Want to save the city’s green cover? Here’s a novel way to approach the issue — organise a green race. Come Sunday, and Mumbaikars can be a part of what is called the Dombivli Green Race, to help conservation efforts in the area.
And the best part is that everyone’s a winner. While there are prizes up for grabs for the participants who can identify and log the several species of trees in the area, the result logs will ultimately be documented and offered to the Kalyan-Dombivli Municipal Corporation (KDMC), to aid the green cause and help save more trees in the area. The race is organised in the memory of renowned botanist the late Dr Shraddha Shimpi.
“This race is essentially about counting the local trees and documenting the various species that are in the area,” says Sonal Naik, co-ordintor of the event that has been organised by the NYASS Trust and KDMC. She adds that a 2007 survey conducted by botanist Shreya Bhanap in the area had revealed that there were as many as 143 species in Dombivli.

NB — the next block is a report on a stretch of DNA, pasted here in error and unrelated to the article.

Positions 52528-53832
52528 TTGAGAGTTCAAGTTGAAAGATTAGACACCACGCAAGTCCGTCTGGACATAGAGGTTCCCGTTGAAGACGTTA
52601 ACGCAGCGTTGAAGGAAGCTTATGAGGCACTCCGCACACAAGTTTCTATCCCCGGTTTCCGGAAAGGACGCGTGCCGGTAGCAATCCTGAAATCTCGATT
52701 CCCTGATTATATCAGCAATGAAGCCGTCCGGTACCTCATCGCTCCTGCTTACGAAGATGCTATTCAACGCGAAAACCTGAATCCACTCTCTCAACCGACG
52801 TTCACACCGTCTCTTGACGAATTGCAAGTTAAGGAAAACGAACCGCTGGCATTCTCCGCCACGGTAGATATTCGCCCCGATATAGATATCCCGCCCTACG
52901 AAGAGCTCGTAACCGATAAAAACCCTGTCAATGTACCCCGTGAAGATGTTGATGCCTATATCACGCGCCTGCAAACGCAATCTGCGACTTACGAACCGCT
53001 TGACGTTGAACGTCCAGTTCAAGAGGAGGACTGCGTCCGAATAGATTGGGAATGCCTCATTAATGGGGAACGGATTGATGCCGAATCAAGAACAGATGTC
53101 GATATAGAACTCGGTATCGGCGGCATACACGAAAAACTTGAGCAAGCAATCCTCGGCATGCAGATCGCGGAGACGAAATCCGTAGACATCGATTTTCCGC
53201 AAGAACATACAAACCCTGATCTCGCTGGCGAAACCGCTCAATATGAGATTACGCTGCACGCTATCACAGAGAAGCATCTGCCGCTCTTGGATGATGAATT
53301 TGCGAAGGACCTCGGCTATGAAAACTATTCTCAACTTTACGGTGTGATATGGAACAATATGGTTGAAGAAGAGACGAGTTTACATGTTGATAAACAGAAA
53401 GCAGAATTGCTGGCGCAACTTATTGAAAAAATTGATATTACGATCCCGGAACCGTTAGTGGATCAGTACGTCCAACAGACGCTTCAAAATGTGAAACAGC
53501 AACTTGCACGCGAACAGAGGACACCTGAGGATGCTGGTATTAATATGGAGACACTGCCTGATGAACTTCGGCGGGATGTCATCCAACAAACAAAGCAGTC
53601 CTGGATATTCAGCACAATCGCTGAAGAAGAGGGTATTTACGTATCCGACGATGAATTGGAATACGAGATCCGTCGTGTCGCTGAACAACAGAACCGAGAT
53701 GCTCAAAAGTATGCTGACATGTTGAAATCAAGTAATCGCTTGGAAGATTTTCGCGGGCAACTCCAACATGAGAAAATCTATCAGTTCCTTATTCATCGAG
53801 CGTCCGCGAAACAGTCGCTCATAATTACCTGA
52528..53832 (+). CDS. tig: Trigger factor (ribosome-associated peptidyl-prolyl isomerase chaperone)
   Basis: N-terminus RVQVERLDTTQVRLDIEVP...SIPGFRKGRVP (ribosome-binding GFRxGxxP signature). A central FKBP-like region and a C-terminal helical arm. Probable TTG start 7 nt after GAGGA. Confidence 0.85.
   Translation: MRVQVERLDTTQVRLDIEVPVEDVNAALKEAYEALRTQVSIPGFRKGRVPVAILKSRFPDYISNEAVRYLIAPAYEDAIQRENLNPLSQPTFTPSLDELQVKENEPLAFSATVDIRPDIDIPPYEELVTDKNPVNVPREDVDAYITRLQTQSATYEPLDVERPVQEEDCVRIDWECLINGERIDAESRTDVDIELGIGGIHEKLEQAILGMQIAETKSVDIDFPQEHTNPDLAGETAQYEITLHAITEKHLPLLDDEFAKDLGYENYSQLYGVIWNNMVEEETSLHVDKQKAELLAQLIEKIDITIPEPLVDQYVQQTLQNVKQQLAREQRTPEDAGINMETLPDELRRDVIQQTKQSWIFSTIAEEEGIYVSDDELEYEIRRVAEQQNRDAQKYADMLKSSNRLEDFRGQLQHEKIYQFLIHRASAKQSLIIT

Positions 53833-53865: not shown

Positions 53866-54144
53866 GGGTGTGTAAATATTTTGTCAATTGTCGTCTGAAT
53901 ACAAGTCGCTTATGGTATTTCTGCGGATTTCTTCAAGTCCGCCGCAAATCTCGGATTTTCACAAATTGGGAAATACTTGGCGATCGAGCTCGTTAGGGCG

“This event lets us log the number of trees still standing, thereby aiding conservation.” Incidentally, Dombivli is endowed with different types of habitats like the hills of Bhopar, mangroves at the creek as well as lakes. These varied habitats have a variety of plants, birds, insects and reptiles.
The race will commence at 6 am on February 12. Initially, amateurs will be taken around the area by experts to teach them how to recognise and identify the trees in the locality. Then the actual race begins. The race has two categories — one for amateurs and the other for experts. At the end of the day, they will gather at the start-off point. Here, botanists will check the logbooks and tally results. They will then declare winners in both categories and also announce the ‘Tree of the day’.
How and when?
Ten to 15 groups will participate in the Green Race. Each group is made up of five members.
They will roam around Dombivli identifying the various species of trees in the area. nThe results, after being tallied by botanists, will be handed over to the KDMC. This will help the body identify rare trees that should be saved in the event of projects like road widening or construction.